Managing a Crisis Requires a Plan, Many Firms Learn

TROUBLESHOOTING

Stephen Covey, the best-selling business writer and speaker, likes to tell managers to spend their time in what he calls "Quadrant 2" activities: strategizing, learning, pondering. Don't let your time get siphoned off by sticky details.

But sometimes, as Exxon Corp. learned, and more recently TWA, sticky details demand attention. Business crises - unforeseen events ranging from an oil spill or a downed plane to a drought or a computer-network failure - by very nature place unexpected demands on executives. And such challenges are on the upswing this year, reckons the Institute of Crisis Management.

The institute predicts that total incidents in 1996 will be 7,400, up from 6,539 reported last year, which was on par with the 6,534 at the start of the decade. Crises are defined as significant business interruptions receiving extensive public scrutiny.

Taking a page from the Boy Scouts, the institute's fifth annual "new avenues" conference here in Las Vegas Aug. 8 and 9 emphasized being prepared.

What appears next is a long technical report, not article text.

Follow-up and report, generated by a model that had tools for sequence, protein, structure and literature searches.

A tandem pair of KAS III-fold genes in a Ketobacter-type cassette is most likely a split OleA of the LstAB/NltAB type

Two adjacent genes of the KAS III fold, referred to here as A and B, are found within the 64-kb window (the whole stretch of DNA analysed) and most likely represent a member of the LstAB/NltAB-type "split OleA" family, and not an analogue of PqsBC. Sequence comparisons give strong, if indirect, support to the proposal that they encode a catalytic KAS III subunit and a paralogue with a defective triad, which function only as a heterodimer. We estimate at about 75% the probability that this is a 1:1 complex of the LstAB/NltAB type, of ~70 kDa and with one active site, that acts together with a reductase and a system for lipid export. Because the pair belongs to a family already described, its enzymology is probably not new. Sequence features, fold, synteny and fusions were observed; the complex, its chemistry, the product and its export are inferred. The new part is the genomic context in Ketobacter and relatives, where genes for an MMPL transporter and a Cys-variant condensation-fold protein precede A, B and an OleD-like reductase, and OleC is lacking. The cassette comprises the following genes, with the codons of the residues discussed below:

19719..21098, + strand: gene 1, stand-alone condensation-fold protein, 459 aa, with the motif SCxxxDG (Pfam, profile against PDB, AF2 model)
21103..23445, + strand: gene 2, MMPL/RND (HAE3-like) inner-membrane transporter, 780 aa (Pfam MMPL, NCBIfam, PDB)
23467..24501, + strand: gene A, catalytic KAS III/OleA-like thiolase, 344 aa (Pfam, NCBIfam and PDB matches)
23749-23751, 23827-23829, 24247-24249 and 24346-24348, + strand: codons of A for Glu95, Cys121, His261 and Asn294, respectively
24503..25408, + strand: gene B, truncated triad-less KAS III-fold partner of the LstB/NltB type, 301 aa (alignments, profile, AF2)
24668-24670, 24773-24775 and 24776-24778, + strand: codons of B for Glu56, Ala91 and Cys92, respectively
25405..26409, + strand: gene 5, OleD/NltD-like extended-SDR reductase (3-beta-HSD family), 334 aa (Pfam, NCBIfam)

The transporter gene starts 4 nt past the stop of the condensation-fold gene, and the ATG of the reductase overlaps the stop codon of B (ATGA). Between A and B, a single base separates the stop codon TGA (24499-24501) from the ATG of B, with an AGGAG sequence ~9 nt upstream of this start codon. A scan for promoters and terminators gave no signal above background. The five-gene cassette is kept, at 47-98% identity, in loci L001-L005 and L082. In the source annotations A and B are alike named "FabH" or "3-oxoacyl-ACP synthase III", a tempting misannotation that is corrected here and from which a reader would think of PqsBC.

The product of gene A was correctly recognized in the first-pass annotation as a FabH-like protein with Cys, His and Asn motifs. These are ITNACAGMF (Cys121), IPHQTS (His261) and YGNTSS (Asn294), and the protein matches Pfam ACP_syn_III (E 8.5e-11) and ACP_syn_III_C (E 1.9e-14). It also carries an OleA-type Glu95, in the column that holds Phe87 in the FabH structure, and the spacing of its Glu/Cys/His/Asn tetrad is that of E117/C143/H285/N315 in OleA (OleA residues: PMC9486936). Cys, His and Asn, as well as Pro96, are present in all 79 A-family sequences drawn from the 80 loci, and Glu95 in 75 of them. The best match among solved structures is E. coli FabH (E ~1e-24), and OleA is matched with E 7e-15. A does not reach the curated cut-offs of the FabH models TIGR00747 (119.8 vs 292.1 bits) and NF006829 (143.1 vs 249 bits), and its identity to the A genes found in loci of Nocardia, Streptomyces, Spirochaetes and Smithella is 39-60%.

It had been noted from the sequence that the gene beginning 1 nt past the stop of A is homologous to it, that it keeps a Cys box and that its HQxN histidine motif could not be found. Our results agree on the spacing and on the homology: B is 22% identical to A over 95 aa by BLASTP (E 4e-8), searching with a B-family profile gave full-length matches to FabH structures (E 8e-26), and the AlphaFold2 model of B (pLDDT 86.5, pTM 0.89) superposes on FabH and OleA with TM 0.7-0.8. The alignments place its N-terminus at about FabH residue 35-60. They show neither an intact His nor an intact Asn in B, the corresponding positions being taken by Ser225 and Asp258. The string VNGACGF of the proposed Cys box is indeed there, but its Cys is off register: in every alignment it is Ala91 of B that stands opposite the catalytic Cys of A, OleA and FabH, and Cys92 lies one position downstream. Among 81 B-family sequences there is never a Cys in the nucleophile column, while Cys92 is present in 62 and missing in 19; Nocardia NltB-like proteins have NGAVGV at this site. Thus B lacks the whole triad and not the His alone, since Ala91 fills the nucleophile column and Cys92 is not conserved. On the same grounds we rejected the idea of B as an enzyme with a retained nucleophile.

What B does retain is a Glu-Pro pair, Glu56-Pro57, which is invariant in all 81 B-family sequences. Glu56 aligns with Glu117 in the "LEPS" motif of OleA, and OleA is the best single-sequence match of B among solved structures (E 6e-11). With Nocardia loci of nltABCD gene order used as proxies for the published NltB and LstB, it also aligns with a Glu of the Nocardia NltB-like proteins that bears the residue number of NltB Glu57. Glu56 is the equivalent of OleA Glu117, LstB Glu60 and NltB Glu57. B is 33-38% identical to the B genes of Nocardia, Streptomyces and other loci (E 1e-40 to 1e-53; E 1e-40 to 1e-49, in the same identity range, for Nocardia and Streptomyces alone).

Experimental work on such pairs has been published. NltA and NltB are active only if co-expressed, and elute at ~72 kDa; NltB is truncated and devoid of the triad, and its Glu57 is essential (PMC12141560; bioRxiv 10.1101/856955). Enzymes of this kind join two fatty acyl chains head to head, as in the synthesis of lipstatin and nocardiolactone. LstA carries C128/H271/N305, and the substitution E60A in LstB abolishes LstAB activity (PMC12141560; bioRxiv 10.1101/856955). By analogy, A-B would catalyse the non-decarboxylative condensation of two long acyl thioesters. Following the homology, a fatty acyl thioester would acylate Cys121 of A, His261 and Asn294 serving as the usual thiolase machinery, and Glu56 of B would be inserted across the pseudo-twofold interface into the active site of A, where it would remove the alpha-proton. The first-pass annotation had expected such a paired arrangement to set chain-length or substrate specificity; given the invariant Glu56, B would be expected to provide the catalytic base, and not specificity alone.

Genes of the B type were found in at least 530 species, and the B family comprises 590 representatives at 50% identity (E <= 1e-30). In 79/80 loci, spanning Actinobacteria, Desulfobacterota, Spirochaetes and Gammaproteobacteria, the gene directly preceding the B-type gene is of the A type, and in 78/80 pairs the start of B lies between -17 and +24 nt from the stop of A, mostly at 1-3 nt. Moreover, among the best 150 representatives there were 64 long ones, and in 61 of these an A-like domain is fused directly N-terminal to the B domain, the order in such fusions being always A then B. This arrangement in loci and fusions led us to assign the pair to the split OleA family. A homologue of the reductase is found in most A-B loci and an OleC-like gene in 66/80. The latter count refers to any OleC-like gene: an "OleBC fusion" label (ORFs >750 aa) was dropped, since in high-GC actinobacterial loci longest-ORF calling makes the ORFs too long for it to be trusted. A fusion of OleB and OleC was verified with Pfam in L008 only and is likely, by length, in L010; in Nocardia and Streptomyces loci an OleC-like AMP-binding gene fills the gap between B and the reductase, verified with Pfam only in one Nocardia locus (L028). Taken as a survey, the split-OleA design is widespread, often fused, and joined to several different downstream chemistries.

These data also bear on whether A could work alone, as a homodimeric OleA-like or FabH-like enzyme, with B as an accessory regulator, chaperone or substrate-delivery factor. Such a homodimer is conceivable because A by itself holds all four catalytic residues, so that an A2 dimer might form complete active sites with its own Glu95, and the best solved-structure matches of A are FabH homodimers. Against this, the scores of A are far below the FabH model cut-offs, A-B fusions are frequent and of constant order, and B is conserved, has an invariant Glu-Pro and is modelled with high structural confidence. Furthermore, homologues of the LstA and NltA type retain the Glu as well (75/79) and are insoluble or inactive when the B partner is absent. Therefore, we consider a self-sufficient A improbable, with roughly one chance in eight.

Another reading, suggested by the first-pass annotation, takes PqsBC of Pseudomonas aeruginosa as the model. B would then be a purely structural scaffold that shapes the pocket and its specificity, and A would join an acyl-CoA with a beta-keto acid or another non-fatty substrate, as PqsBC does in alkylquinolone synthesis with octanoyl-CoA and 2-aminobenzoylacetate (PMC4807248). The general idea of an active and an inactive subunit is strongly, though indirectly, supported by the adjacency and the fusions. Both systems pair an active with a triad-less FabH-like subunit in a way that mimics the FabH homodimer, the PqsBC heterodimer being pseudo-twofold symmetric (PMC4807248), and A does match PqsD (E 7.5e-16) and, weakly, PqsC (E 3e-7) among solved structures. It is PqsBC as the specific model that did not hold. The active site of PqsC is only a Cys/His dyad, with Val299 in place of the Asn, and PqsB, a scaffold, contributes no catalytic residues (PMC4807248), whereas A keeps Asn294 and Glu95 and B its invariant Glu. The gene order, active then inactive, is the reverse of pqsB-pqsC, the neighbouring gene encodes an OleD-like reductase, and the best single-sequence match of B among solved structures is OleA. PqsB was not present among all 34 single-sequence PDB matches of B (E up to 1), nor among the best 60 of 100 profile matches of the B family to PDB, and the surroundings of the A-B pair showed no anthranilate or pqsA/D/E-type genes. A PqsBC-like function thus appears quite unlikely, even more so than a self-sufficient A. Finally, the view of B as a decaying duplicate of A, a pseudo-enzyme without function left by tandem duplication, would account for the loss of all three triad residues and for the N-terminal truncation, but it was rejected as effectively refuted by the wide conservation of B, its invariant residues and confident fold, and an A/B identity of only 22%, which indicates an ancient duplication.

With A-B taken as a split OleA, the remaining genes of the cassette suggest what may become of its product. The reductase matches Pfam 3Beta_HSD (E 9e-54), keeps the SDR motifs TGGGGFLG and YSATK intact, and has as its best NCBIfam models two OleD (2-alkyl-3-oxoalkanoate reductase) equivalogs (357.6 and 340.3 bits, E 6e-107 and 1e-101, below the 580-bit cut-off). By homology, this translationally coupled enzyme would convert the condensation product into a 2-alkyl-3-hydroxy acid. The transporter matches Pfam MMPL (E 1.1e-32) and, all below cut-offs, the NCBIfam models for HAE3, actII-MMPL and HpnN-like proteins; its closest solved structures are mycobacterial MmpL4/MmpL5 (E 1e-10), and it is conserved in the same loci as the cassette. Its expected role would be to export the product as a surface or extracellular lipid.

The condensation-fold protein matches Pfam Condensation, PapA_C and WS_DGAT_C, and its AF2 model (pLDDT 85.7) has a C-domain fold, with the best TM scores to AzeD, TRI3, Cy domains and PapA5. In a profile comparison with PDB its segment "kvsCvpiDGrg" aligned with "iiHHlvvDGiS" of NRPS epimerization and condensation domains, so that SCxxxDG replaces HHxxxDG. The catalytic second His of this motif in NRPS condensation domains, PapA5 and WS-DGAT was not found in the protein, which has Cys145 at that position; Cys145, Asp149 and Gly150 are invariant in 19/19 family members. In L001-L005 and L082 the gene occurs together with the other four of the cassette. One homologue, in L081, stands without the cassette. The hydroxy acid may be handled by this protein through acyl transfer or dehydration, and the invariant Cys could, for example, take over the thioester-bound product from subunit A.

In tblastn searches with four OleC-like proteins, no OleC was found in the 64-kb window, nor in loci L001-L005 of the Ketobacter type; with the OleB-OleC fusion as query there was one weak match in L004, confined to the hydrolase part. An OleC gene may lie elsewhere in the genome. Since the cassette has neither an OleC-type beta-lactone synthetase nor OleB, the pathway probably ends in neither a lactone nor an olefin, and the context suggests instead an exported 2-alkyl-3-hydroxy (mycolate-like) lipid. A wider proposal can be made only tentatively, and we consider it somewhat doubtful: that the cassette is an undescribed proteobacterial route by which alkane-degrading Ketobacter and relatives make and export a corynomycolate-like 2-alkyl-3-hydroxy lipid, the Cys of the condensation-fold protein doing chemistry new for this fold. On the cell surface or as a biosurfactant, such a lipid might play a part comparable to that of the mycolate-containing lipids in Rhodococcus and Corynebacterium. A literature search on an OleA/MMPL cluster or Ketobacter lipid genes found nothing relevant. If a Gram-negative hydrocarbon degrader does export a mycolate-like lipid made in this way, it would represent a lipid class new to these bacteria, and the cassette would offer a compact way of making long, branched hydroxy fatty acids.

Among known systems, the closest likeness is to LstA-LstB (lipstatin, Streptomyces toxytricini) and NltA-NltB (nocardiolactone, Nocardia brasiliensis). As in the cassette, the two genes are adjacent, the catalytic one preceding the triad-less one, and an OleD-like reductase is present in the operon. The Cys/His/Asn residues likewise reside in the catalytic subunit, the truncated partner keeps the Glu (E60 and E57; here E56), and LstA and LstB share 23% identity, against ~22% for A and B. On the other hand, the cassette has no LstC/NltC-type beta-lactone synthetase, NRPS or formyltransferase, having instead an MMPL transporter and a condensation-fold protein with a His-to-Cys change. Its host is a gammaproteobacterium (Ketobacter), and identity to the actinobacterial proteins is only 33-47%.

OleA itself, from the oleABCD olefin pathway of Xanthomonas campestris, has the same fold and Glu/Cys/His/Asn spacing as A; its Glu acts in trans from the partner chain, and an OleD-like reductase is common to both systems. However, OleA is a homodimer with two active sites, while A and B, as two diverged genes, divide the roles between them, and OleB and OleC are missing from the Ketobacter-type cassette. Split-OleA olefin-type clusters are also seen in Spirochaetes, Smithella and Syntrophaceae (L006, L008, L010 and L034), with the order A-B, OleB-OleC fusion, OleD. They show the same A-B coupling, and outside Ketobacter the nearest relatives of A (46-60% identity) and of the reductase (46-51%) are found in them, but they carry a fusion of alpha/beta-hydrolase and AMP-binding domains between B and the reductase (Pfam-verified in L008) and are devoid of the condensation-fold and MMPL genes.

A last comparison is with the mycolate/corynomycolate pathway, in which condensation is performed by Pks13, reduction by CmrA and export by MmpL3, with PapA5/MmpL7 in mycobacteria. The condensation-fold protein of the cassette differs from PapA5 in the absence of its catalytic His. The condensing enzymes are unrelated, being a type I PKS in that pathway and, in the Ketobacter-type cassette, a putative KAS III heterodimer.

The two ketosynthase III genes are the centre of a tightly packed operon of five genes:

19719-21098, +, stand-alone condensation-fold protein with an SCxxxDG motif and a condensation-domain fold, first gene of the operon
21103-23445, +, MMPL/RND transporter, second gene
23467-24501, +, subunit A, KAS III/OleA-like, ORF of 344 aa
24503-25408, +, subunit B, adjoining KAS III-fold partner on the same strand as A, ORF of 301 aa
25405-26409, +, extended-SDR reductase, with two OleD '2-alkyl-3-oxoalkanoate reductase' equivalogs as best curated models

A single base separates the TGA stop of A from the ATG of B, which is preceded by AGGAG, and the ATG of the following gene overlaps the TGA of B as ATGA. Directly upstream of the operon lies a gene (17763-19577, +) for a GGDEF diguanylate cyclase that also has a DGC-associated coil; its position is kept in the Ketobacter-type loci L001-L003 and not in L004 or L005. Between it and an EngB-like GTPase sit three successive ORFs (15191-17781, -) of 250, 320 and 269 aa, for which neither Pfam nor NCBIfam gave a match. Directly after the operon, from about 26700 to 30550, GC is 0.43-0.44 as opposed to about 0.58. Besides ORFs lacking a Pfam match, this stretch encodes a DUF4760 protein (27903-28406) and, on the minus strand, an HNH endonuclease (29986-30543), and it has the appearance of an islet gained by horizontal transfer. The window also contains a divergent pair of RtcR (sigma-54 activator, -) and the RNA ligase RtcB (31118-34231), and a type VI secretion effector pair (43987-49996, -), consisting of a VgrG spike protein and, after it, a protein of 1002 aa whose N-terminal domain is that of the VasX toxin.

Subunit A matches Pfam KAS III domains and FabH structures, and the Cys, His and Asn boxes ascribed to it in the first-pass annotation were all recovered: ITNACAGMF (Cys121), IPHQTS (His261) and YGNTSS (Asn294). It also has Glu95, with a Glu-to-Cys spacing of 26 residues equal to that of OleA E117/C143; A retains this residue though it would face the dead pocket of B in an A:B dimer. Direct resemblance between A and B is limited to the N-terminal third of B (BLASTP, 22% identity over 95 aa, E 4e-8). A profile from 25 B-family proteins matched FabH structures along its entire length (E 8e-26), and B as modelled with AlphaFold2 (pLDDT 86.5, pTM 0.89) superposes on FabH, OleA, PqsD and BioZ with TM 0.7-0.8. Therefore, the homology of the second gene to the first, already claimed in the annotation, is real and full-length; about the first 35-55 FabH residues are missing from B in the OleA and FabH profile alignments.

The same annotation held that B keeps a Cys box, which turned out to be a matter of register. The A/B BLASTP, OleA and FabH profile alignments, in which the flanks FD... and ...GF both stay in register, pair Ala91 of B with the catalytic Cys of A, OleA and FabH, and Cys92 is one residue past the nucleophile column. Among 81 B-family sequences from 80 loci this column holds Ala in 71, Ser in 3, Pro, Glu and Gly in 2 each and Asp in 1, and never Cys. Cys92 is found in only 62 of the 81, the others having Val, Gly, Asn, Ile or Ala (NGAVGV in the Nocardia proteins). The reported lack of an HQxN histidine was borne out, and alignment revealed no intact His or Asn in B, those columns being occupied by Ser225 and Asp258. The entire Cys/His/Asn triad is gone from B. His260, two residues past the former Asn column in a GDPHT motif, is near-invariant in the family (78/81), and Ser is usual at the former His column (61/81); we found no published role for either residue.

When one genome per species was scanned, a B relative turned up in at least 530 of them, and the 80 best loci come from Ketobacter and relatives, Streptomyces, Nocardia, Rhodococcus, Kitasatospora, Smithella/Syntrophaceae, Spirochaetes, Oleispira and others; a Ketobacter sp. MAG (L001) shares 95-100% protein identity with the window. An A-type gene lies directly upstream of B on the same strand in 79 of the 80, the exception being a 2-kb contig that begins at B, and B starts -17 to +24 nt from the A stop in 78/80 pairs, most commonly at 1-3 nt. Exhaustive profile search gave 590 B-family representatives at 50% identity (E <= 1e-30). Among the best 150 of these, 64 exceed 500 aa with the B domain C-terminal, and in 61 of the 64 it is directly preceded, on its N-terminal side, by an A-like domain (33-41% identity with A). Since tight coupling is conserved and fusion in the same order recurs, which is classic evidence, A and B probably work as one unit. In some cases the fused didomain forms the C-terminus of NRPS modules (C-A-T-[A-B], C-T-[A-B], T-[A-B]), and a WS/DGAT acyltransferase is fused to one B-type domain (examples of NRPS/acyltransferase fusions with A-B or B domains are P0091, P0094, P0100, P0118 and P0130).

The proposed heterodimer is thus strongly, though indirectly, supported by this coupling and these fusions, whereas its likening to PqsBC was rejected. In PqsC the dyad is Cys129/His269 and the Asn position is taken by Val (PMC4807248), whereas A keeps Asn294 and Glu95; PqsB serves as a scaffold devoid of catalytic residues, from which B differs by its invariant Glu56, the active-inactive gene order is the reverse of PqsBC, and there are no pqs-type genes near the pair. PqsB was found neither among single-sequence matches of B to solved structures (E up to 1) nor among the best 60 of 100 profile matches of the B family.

At British Petroleum, this means once-a-month simulations of unanticipated events in its Alaska operations, above a required two a year. The activity follows in the wake of the legal and public-relations quagmire Exxon faced when its tanker Valdez spilled.

A pretend crisis, including "the wacky and bizarre," will reveal strengths and weaknesses in an organization, says Larry Barton, a vice president of Motorola, the Schaumburg, Ill., communications supplier.

"Focus on a mix of issues that include your organizations strategic audiences: employees, neighbors, regulators, media, competition, investors, and board members," Mr. Barton advises. And get a third-party evaluation.

Today, in addition to floods, fires, and the like, companies must respond to growing numbers of other incidents. Among such recent events: TWA's airliner explosion off Long Island, last week's temporary collapse of the America Online computer network, and an electric power outage in nine US states (Power failure, Page 3). The media push the process, says Neil Stanley, a law professor at England's Leeds University. TWA was pressured, he says, to answer questions about what is to blame - an issue still unresolved.

With several car-model recalls, autos are the most troubled industry of this year's first half, the institute says, followed by airlines, banks, and securities. Since 1990, the fastest-growing crisis category is sexual harassment, up sevenfold. The issue came to the fore this year at Mitsubishi's US operations.

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